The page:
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Straight, No Chaser: The Reach of Breast Cancer and Your Risk Factors

By Jeffrey Sterling, MD August 11, 2020


Even as a physician, I am left to think about the horror of being a woman with a lifetime risk of acquiring breast cancer that’s 1 in 8. The only thing I can think of off-hand and relate to similarly is the risk for trauma being an inner-city minority kid. This risk of breast cancer is compounded by the reality that there is no way to prevent it. Thus, it must be emphasized early and often: risk factor identification and reduction, coupled with early evaluation, detection and treatment are absolutely vital.
Breast cancer is the second most common cancer contracted by American women (after skin cancer), and it is the second most common cause of death from cancer (after lung cancer). More than a quarter of a million new cases will be diagnosed in women yearly, and approximately 40,000 women will die from complications of breast cancer annually (that’s over 100 deaths every day).
In the event the previous information seemed like too much gloom and doom, understand that the tide has been stemmed. After more than two decades of increase, rates of new cases of breast cancer began dropping in 2000 and have stabilized.  This is largely thought to be due to declining rates of post-menopausal hormone use in response to results from major research projects. As you may know, such hormone use has been shown to increase the risk of both breast cancer and heart disease.
Speaking of risks, I don’t especially like this part of the conversation because it always comes across as if everything is a risk factor, and there are still controversies about what is or isn’t a risk. As a result, patients end up confused and paralyzed into inaction. Therefore, I’ll mention just enough for you to understand and work with; if you have specific questions on what you’ve heard that I haven’t already addressed in the breast cancer myth posts (Parts I and II), feel free to ask.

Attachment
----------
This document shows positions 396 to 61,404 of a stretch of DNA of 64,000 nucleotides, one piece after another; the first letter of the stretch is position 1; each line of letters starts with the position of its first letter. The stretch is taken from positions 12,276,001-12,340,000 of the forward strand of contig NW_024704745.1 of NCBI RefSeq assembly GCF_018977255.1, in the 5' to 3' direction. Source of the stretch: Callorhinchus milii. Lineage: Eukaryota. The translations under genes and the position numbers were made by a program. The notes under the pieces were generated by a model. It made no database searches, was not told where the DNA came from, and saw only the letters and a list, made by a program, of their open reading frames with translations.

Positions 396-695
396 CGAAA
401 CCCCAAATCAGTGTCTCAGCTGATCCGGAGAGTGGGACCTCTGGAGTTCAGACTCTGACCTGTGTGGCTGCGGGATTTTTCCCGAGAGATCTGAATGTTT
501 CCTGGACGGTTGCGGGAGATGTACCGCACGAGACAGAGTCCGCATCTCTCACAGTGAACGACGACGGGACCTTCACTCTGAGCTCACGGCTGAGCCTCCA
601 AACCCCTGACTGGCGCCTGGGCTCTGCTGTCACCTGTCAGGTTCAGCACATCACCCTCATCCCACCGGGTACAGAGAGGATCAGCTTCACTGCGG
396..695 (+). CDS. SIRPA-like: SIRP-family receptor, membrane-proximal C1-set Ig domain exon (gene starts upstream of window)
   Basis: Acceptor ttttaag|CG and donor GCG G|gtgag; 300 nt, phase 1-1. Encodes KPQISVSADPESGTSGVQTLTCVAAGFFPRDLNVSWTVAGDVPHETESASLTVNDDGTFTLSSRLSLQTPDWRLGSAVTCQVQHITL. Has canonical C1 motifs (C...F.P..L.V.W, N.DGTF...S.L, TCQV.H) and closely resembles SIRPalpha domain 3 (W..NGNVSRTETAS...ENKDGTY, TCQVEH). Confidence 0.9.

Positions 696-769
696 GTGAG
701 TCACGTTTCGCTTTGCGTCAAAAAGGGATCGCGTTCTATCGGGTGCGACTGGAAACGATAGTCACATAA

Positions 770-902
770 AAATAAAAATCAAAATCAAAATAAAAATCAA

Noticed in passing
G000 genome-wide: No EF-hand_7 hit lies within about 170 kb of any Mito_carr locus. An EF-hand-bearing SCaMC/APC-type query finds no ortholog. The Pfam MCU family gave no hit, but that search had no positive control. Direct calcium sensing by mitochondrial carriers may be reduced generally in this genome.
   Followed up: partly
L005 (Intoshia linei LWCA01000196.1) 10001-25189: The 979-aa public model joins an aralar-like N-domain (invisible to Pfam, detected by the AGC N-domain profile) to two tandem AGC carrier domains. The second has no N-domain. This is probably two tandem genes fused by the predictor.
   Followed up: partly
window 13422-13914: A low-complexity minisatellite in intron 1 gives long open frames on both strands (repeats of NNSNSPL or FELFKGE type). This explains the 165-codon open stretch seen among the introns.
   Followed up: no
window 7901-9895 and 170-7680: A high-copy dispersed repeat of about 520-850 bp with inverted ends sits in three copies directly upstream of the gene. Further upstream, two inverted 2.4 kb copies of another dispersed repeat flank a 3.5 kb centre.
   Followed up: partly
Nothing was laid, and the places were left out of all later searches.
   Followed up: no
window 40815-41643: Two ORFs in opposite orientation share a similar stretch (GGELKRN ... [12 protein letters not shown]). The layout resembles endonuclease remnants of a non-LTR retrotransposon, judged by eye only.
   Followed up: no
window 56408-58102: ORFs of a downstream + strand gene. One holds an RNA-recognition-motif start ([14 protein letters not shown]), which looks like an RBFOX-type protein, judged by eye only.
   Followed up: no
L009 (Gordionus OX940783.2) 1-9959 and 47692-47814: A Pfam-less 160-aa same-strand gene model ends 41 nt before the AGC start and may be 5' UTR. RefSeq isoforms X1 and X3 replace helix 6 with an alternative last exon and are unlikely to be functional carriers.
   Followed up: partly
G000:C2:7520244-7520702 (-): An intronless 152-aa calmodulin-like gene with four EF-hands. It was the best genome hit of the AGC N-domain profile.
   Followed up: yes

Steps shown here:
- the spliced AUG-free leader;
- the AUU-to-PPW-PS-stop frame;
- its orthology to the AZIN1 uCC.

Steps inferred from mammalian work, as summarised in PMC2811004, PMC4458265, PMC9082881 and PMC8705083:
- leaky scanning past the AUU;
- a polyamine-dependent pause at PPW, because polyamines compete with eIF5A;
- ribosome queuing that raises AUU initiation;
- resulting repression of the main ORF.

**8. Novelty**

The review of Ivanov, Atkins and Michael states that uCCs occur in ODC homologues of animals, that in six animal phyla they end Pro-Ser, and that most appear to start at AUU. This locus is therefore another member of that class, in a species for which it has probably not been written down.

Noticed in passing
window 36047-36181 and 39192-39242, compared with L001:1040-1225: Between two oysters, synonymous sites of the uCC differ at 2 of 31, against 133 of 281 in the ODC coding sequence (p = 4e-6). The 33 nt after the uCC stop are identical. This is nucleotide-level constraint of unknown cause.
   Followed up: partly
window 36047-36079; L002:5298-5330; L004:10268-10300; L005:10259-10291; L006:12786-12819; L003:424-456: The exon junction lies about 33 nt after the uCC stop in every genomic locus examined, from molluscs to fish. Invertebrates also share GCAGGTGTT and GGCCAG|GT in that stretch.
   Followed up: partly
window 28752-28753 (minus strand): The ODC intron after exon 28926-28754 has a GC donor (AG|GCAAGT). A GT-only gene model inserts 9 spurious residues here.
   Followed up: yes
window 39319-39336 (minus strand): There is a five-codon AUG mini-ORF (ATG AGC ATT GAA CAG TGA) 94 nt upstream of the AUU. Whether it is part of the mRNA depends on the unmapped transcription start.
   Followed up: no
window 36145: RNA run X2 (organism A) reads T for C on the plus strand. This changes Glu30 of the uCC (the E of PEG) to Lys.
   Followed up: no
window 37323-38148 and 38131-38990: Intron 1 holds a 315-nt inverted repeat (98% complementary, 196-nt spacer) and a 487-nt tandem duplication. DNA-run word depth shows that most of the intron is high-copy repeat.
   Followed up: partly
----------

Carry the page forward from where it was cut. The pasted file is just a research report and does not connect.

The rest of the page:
There are risk factors you can’t change, like aging, family history and being a woman. Having these risk factors simply means you need to be more diligent in performing self exams and seeking early care for suspicious findings.  Now, there are other risk factors you can minimize. Oral contraceptive use, postmenopausal hormonal therapy, choosing not to breast feed, alcohol use and obesity are all risk factors for breast cancer that are under your control.
The bottom line is your risk factors don’t cause cancer, and the absence of risk factors doesn’t ensure you won’t have breast cancer. For example, men contract breast cancer as well. What it all comes down to is you must be diligent in performing exams and getting evaluated and treated if something abnormal is discovered. We’ll discuss some of that next.
I welcome your questions and comments.
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